But most importantly, the Red Sox have a pair of aces who can step in and fill Price’s shoes. Chris Sale was absolutely unhittable in his seven years with the White Sox and at 27, there’s a good chance his best years are still ahead of him. That’s a frightening thought for AL East teams that have to face Sale four or five times a year. Rick Porcello overachieved in 2016, but if he comes anywhere close to duplicating his Cy Young season from a year ago, the Red Sox will have another arm they can trust.

 

Now we wait. Your move, James Andrews.

 

Editor’s Note: Mookie Betts graces the cover of the new Rotoworld Draft Guide magazine. You can find it in stores now or order right here. Our online version of the draft guide is also live and packed with everything you need to know to get ready for your fantasy draft.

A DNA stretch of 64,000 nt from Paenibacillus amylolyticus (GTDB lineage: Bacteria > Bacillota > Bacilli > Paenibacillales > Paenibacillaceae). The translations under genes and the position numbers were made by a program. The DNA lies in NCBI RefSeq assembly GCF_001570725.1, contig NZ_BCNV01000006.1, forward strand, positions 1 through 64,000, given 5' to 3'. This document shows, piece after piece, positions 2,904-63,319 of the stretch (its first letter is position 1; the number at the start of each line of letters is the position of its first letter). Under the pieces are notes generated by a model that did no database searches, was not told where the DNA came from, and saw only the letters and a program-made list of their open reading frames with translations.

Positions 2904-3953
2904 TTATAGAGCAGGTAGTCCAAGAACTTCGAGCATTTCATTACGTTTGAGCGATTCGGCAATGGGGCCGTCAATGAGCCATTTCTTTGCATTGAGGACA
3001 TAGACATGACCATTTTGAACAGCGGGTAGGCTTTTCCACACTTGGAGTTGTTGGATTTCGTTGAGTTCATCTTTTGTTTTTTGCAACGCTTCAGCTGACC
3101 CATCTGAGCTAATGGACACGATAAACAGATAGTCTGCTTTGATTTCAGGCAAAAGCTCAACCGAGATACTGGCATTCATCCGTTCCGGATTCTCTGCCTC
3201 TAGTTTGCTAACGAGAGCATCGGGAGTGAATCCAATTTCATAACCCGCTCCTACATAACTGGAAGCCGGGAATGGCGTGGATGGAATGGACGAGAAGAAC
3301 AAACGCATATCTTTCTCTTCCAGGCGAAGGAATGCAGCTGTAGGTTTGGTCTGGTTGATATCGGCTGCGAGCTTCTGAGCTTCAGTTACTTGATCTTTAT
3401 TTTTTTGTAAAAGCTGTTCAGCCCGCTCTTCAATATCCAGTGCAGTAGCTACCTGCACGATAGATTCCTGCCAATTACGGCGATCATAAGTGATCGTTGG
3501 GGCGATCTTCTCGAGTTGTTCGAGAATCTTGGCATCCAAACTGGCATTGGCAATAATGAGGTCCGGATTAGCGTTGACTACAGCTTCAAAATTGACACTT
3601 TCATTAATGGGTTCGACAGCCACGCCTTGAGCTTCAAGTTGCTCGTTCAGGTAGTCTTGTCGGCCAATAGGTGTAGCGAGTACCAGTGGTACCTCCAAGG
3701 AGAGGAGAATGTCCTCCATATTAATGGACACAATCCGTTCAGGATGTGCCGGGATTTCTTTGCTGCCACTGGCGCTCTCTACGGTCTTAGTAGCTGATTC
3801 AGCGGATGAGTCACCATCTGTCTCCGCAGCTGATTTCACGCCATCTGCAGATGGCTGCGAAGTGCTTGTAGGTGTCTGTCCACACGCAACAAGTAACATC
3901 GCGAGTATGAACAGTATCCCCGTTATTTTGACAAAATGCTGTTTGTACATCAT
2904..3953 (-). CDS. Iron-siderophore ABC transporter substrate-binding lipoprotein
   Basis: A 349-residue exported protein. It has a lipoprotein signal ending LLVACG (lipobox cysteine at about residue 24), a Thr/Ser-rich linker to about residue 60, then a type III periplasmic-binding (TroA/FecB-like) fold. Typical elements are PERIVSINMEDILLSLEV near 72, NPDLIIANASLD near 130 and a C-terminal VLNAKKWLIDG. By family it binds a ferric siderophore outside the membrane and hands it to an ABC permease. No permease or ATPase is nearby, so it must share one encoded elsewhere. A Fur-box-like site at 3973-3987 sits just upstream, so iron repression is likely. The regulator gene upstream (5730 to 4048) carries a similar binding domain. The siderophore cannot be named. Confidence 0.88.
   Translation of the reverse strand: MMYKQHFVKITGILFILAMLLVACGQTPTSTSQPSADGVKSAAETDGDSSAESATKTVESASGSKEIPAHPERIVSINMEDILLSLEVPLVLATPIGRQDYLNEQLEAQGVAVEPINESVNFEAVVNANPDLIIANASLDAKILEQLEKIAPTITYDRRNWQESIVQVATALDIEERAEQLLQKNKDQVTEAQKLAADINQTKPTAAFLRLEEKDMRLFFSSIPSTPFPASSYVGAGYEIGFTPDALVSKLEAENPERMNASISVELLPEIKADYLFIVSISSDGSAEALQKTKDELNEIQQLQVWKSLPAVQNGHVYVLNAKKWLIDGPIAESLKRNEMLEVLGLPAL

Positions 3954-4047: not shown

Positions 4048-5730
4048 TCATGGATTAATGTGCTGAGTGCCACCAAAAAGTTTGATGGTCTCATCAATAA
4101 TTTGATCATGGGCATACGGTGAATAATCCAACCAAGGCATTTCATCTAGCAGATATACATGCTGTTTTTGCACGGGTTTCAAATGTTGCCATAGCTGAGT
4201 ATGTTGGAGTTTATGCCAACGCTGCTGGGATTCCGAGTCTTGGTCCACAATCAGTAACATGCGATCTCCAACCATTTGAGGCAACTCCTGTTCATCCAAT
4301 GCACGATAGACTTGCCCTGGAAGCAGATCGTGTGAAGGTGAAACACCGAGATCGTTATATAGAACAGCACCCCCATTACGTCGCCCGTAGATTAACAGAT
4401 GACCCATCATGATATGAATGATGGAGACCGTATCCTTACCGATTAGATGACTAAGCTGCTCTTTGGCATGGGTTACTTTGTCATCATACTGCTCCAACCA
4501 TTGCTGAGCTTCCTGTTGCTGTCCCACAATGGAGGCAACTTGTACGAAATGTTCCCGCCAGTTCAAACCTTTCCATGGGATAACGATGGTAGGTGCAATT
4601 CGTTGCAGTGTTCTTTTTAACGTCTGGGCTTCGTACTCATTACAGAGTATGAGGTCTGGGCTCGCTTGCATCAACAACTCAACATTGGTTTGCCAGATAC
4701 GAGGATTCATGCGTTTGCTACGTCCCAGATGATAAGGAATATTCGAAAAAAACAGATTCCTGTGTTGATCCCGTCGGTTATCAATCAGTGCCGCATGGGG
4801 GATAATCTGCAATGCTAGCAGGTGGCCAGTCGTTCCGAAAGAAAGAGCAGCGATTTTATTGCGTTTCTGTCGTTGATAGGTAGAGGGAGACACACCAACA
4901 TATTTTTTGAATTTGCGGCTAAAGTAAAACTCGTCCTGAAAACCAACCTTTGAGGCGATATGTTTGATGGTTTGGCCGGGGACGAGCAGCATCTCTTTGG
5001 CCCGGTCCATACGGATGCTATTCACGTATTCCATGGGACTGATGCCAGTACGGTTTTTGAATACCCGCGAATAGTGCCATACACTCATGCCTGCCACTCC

AL Quick Hits: Hanley Ramirez has bowed out of the World Baseball Classic. Shoulder soreness has kept Ramirez from playing first base this spring, though he homered as a DH in Thursday’s Grapefruit League win over the Rays. Jean Segura was added to the Dominican Republic’s roster in place of Ramirez … Andrew Cashner has been shut down with biceps tendinitis. The Rangers gave Cashner a one-year, $10 million contract this offseason despite posting an underwhelming 5.25 ERA over 28 outings for the Marlins and Padres last season … Albert Pujols believes he’s close to making his Cactus League debut. Pujols had surgery for plantar fasciitis in December but has already resumed hitting and fielding at Angels camp … Josh Donaldson fielded grounders without issue on Wednesday. Donaldson strained his right calf on one of the first days of spring training but should resume Grapefruit League play sometime next week … Lance McCullers is slated to pitch a simulated game on Saturday. If that goes well, we could see him in a Grapefruit League game as soon as next week. McCullers has been working his way back from an elbow injury he suffered last August.